A decade of political turmoil in Libya has had a catastrophic impact on the environment. The heavily polluted coastline is affecting biodiversity. In the 13 years since the downfall of Muammar Gaddafi, Libya has become a byword for the perils of Western military intervention.

The country’s political dysfunction and on-and-off civil war have consumed most of the attention that the international community dedicates to Libya, even as the environmental issues that stem from these problems grow worse and go all but unaddressed.

Libya’s hundreds of kilometres of coastline — the launchpad for boats carrying African migrants to Europe and Libyan oil to the rest of the world —offers a prime example.

“Amid the countless immediate political challenges confronting Libya’s fractious leaders, longer-term objectives like environmental protection and ocean conservation rarely receive priority. Yet the consequences of inaction have already begun to manifest”

As Libya’s duelling governments and allied militias compete for control of the country, pollution has flooded the coast. In 2021, authorities in the Libyan capital of Tripoli had to close a range of nearby beaches because of pollution that included cans, plastic bags, plastic bottles, and raw sewage.

Libya’s environmental catastrophe

Abdelbasset al-Miri, a local official, described the episode as “catastrophic” at the time even as it represented just one instance of the environmental issues that have battered the Libyan coast in recent years.

A 2021 investigation by the Conflict and Environment Observatory suggested that Libya’s national oil company tried to downplay the extent of an offshore oil spill near the Libyan-Tunisian border that spread for dozens of kilometres.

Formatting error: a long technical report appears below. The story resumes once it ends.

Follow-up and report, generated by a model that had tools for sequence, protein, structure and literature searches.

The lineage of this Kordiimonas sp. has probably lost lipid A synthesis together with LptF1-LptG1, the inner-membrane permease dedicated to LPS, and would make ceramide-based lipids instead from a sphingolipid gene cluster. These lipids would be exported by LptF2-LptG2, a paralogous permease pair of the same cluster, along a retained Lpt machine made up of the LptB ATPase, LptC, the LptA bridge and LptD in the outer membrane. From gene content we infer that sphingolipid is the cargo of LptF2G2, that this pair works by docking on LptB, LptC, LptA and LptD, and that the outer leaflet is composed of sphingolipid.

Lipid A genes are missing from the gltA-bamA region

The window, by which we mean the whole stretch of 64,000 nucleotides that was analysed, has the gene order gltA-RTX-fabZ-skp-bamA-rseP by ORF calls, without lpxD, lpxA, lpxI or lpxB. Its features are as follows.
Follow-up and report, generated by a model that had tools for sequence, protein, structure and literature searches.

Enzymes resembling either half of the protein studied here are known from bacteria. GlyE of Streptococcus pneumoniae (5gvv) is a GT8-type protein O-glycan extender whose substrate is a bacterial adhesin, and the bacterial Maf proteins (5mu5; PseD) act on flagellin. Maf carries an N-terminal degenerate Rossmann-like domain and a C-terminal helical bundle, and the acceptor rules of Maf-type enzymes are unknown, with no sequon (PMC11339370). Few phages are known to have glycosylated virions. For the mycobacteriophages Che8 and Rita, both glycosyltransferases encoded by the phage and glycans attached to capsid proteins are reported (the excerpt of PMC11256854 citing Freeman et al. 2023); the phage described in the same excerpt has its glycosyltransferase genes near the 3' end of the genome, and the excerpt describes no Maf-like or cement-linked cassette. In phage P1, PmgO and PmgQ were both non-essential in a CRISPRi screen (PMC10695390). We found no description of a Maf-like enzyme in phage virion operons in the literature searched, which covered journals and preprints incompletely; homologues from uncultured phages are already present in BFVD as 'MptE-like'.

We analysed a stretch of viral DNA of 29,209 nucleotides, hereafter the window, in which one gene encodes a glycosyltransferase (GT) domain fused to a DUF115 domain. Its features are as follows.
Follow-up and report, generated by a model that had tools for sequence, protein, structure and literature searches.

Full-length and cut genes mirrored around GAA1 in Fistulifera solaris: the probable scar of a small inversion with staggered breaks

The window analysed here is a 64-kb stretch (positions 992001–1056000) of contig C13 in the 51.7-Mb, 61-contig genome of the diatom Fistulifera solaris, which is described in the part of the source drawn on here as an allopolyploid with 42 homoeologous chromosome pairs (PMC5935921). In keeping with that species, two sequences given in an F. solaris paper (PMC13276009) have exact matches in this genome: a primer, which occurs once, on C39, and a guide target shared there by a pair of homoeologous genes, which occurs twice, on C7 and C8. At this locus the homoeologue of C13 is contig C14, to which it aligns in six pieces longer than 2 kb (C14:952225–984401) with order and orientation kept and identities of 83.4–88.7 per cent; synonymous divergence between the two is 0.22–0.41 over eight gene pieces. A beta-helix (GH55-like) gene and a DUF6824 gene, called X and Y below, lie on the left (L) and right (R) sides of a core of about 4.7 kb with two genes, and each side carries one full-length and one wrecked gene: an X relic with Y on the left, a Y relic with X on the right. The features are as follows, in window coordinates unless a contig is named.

That same year, the Conflict and Environment Observatory reported that a desalination plant in the coastal Libyan city of Derna was leaking oil into the sea, noting the potential impact on “an important feeding and nesting area for turtles, seabirds and fish” and “regionally important seagrass beds.”

The pollution presents an imminent threat to the wildlife of the Libyan coast, which the International Union for Conservation of Nature, better known as “the IUCN,” last year called “one of several hotspots of marine and coastal biodiversity in the Mediterranean.”

That January, the IUCN convened a workshop on ocean conservation at which Libya’s Tripoli-based environmental ministry pledged to establish and reinforce a number of protected areas along the coast.

However the workshop failed to address some of the more obvious challenges with enforcement. One of the proposed conservation areas, for example, sits in the east of Libya, where the Libyan National Army — a rival of the regime in Tripoli — holds sway.


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